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Not Everyone Will Be There

The day my mother passed was the day I began to mourn not just her but also the people that began to wither out of my life. After her passing, I had no idea that I would lose so many close friends and family members in addition to the monumental loss of my mom. The only difference was those friends and family members were still alive physically, but their presence from my life vanished. I would often hear eulogizers remind others at the funeral to check in on the family from time to time because the mourning and grief extend far beyond that particular day. And before my personal loss, I can admit I was guilty of not calling and checking in on grieving families also, but after burying my mom, the phone stopped ringing, the texts weren’t as frequent, and the visits ended altogether.

The people I expected to be there the most during that difficult time in my life weren’t there. I was confused, hurt, and broken. I couldn’t understand why I wasn’t hearing from them. Why did they stop making sure I was okay? The hurt and confusion turned into anger and, at one point, even rage. I told myself I was just going to cut those people out of my life for good. The anger lasted longer than I wanted it to; I couldn’t let go of how I felt. Even my therapist couldn’t convince me to forgive them and let it go. It wasn’t until almost a full year after my mother’s passing that I came to this hard revelation: not forgiving these people was blocking me from going any further in my healing process.

The Holy Spirit met me when I was learning how to forgive telling me to be grateful for the people that never left my side and the new people that came into my life and pay much less attention to the hurt caused by people I expected to be there. The people that were calling, checking on, and praying for me were God sent and I realized how much his hand was on my life when I focused less on who wasn’t there and more on who was. After lifting the weight of unforgiveness, God revealed to me that those people that removed themselves from my life were unable to help me grow any longer. There are certain seasons in your life that God may have to send people that are equipped to help bring your greatness, confidence, and strength to fruition. God had to disseminate the past relationships so the new relationships could bloom and grow.

Throughout my healing process, I learned some tips along the way that helped me understand why certain individuals withered out of my life and gave me the strength to forgive them and move on from the hurt. 

  1. Relationships Change: With grief, it is very common for your relationships to change. Unfortunately, some family and friends you previously thought you could depend on may fade out of your life. The truth of the matter is people who have never experienced grief or loss may not be able to relate to your pain, so it is difficult for them to know how to be there for you.
  2. New Relationships: The upside of grief is if someone has been through grief or loss, they may be able to speak directly to what you may be feeling causing those relationships to awaken, bloom, and deepen. They are able to relate to how you feel and think, so embrace those relationships with gratitude. 
  3. Forgive: I often try to reference Luke 23:34, Jesus said: “Father forgive them; for they know not what they do.” This scripture made me realize I really had to forgive because the people that I felt hurt by probably really didn’t know how to be there and they may have not known what to do. Harboring unforgiveness hinders your healing progress. Forgiveness is another layer to healing from grief; honestly, it may be one of the hardest layers you have to peel through to get to the core of your healing.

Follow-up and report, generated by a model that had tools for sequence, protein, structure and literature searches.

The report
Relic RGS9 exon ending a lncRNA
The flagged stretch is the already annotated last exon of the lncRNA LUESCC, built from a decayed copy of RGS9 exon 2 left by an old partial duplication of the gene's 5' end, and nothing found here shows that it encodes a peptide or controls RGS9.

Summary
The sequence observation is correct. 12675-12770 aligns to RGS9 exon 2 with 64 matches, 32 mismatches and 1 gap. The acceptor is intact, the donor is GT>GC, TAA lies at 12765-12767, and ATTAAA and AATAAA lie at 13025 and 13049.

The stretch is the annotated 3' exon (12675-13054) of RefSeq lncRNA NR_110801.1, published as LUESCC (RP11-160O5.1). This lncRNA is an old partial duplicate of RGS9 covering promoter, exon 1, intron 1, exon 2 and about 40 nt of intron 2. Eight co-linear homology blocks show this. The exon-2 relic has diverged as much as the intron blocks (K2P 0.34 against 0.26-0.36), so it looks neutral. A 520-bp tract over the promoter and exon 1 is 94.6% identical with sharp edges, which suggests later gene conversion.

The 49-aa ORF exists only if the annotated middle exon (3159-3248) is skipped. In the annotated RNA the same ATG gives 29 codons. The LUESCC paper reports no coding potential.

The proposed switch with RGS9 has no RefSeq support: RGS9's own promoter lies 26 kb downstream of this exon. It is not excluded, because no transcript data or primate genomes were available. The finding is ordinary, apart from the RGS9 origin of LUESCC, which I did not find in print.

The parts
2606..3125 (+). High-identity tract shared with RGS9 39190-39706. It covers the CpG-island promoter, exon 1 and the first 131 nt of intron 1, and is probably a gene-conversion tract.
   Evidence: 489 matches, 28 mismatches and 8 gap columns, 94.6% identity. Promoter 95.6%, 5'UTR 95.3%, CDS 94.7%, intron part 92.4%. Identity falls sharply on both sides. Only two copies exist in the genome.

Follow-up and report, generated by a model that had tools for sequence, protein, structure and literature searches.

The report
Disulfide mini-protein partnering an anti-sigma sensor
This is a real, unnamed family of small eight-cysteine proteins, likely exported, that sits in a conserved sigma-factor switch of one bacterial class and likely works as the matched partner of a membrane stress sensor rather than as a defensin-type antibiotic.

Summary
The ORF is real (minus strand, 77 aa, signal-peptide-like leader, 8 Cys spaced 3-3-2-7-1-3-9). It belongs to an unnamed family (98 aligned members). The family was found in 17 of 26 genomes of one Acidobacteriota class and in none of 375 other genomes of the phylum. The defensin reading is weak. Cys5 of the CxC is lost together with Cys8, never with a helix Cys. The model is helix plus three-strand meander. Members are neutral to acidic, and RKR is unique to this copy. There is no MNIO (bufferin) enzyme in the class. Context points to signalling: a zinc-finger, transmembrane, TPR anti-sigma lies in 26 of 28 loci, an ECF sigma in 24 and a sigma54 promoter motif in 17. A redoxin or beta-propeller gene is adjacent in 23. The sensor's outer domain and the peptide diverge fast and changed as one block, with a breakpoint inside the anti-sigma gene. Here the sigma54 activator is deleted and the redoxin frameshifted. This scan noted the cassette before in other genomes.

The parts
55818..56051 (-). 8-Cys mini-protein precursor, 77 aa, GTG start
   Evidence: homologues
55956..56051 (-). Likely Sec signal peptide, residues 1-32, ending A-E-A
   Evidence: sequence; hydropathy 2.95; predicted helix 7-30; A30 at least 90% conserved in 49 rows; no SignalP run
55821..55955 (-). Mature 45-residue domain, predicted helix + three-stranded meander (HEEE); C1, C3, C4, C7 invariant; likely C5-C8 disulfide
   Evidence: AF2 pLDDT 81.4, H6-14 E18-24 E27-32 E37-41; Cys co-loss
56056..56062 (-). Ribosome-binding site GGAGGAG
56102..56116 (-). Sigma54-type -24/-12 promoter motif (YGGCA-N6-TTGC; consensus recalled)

4. Love & Move on: Once you have forgiven, learn to move on from the hurt that was once there. If I could be honest, I convinced myself I had moved on and forgiven those who I felt hurt me by not being there. The truth is I really didn’t move on because when there were family functions, I didn’t want to attend or answer my phone. I convinced myself I had forgiven and I just rather not be around certain people, but not talking to and/or isolating myself from them doesn’t equal forgiveness. Your relationship with them will probably never be the same again, however your love for them should never die. Love them and move on.

I pray these tips will help you not only forgive, but also look around and be thankful for those who never left, continued to call and just be there for you during the toughest time in your life. If any new relationships have blossomed in your life, I hope you realize God sent them for a reason. They are planting seeds in your life to help you heal, grow and maybe even uncover your purpose in life.

We often hear the phrase “life is short” and we sometimes never fully grasp how short it is until the people we love the most are no longer here with us. I know some of you might feel hurt and saddened by the people that we once thought would be the people we could depend on during our difficult moments in life but if I could leave you with one last thing, I would tell you difficult moments like these won’t kill you. They only help you to discover the strength that you never knew you had. Trust the process, but most importantly trust God.

I love you,

Ashley ( Healing Daughters)

2 replies on “Not Everyone Will Be There”

This was so profound. The truth Of Death. Never did I know the sting of Death. Would have me crying, even as I type this. I thank you for this blog and, I thank God for allowing me to love, on someone who had no one.

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